2. Remember that deal structure and contract terms and conditions are critical. It’s not just about your price or the discounts negotiated, but also the business value your company is receiving.
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Five Unique Customer Benefits Of The SaaS Model: Learnings From Workday Customers

Clients tell us they are turning to SaaS not so much for cost savings but primarily for greater business results: greater business agility and improved collaboration inside and outside the enterprise. But, what can SaaS applications provide that traditional, single tenant applications cannot?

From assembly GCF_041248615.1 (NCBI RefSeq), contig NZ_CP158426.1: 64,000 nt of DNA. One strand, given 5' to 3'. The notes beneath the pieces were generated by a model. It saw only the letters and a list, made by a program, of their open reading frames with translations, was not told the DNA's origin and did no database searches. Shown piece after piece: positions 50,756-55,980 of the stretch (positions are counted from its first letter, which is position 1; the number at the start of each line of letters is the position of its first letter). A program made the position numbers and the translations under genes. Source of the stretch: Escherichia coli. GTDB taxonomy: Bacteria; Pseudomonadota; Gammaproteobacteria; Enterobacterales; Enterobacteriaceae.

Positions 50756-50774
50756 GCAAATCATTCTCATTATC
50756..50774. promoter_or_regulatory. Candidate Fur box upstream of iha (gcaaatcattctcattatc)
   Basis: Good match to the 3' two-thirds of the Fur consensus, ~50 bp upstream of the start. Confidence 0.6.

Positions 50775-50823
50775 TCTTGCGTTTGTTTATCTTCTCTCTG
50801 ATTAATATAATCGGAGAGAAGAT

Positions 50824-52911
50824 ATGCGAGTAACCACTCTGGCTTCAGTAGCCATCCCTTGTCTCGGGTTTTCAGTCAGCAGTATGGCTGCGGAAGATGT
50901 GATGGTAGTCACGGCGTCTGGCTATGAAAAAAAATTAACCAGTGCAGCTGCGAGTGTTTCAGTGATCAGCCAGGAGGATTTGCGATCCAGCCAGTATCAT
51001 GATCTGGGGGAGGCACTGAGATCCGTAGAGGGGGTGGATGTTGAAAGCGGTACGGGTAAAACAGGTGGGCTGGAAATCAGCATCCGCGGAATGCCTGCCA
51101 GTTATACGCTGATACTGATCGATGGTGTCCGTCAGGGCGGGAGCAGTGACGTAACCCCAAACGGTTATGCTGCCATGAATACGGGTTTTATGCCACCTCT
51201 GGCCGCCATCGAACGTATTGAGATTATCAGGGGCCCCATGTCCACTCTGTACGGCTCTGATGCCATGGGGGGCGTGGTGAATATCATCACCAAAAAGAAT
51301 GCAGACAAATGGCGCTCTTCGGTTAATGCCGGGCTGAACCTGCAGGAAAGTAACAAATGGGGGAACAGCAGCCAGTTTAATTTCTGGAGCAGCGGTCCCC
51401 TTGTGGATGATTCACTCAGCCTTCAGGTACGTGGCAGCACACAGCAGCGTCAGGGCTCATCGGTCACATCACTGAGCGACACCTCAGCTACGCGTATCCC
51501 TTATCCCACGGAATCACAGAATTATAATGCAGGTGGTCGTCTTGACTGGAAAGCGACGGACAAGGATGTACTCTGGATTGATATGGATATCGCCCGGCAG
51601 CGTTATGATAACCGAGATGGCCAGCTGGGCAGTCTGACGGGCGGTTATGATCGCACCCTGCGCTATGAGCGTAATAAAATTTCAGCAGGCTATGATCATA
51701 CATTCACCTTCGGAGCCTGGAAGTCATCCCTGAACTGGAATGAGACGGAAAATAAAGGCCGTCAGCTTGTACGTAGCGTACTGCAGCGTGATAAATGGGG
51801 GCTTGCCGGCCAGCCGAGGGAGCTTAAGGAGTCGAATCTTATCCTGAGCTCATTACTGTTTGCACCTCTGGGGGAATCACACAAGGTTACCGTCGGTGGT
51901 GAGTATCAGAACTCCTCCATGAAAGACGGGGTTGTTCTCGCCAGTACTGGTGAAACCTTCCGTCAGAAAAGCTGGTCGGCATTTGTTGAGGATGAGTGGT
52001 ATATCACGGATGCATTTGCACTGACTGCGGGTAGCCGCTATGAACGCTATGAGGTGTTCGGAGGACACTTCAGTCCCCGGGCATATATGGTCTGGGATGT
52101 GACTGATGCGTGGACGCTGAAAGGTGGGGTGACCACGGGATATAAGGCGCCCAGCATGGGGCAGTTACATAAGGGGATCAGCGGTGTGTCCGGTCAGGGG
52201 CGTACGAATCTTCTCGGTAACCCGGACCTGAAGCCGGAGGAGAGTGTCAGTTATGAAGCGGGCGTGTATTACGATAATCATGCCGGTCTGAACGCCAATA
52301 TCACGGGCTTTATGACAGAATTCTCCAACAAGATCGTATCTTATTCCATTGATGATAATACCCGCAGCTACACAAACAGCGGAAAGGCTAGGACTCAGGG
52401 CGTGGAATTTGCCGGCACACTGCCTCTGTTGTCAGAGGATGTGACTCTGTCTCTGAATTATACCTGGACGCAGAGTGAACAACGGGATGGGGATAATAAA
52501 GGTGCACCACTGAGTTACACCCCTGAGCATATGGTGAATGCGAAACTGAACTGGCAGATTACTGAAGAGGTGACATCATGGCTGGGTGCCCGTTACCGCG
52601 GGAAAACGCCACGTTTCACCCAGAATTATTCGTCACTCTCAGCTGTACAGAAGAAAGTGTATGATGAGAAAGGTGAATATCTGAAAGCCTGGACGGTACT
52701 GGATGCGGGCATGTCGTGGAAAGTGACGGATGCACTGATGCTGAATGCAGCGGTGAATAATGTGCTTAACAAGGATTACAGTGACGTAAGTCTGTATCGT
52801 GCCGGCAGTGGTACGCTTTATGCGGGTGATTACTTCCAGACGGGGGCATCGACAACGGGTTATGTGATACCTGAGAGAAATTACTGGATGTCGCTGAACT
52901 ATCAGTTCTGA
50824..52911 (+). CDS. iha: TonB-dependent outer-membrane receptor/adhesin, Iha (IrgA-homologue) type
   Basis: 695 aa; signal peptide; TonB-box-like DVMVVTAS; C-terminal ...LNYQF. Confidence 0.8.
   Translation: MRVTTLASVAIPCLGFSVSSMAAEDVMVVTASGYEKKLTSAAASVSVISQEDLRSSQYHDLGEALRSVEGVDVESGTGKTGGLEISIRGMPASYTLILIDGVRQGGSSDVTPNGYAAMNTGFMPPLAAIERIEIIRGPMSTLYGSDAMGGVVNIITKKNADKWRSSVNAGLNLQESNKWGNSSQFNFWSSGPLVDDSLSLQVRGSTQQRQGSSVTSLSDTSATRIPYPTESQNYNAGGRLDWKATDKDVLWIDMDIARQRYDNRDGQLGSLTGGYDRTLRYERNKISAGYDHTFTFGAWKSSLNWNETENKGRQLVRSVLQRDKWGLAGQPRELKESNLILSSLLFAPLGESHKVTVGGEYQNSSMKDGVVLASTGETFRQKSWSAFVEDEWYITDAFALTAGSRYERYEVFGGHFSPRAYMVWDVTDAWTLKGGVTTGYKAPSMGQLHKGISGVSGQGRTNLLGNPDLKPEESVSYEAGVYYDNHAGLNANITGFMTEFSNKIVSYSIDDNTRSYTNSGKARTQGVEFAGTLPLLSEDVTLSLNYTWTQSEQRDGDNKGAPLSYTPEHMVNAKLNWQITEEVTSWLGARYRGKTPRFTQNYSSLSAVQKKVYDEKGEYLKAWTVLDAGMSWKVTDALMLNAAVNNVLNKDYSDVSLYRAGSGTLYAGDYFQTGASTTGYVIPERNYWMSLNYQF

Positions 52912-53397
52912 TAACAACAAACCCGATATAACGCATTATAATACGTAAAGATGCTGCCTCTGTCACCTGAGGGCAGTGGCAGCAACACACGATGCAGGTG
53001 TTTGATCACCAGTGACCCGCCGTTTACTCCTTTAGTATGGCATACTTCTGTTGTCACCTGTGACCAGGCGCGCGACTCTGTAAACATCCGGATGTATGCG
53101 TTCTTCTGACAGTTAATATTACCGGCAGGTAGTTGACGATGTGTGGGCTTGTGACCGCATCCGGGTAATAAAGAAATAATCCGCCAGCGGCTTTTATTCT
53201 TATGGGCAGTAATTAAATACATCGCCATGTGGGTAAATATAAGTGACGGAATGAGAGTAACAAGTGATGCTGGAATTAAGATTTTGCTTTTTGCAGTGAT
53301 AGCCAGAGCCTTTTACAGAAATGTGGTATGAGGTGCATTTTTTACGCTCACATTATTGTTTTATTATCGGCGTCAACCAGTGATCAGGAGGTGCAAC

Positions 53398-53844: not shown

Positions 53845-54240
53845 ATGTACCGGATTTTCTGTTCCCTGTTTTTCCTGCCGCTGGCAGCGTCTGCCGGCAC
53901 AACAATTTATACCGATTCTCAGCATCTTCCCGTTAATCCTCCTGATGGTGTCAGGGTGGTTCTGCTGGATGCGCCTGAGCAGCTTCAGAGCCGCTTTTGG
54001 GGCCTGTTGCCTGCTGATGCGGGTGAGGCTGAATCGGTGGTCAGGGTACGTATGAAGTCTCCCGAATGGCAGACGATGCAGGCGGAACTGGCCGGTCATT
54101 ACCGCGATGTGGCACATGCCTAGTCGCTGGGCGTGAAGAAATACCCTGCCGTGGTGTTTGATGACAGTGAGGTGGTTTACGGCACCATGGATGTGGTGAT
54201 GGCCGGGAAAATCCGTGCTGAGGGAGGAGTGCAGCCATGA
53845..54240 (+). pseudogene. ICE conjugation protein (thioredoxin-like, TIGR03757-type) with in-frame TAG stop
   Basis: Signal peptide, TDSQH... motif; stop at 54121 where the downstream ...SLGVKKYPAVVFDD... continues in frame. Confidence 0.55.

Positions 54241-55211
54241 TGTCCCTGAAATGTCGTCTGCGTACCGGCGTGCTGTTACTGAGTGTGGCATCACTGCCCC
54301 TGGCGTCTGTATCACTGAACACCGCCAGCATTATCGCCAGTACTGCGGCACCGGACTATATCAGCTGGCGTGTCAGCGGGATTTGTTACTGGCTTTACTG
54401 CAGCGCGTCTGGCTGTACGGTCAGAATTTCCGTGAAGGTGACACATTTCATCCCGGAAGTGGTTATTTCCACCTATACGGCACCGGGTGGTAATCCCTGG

At last week’s Workday Technology Summit, we heard firsthand from some major brands about the unique benefits they are achieving from using a SaaS solution:
 
1. Continuous innovation. Workday customers talked about two components to this benefit: 1) seamless, frequent, automatic upgrades and 2) ability to deploy changes quickly into your live environment.  
 
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Strategies For Negotiating With Salesforce.com In The Wake Of Its Growing Product Set And New Editions

Despite an increasingly crowded market of cloud applications, salesforce.com is still very much the “darling” of the SaaS world. Some evidence of the provider’s continued fast-paced growth?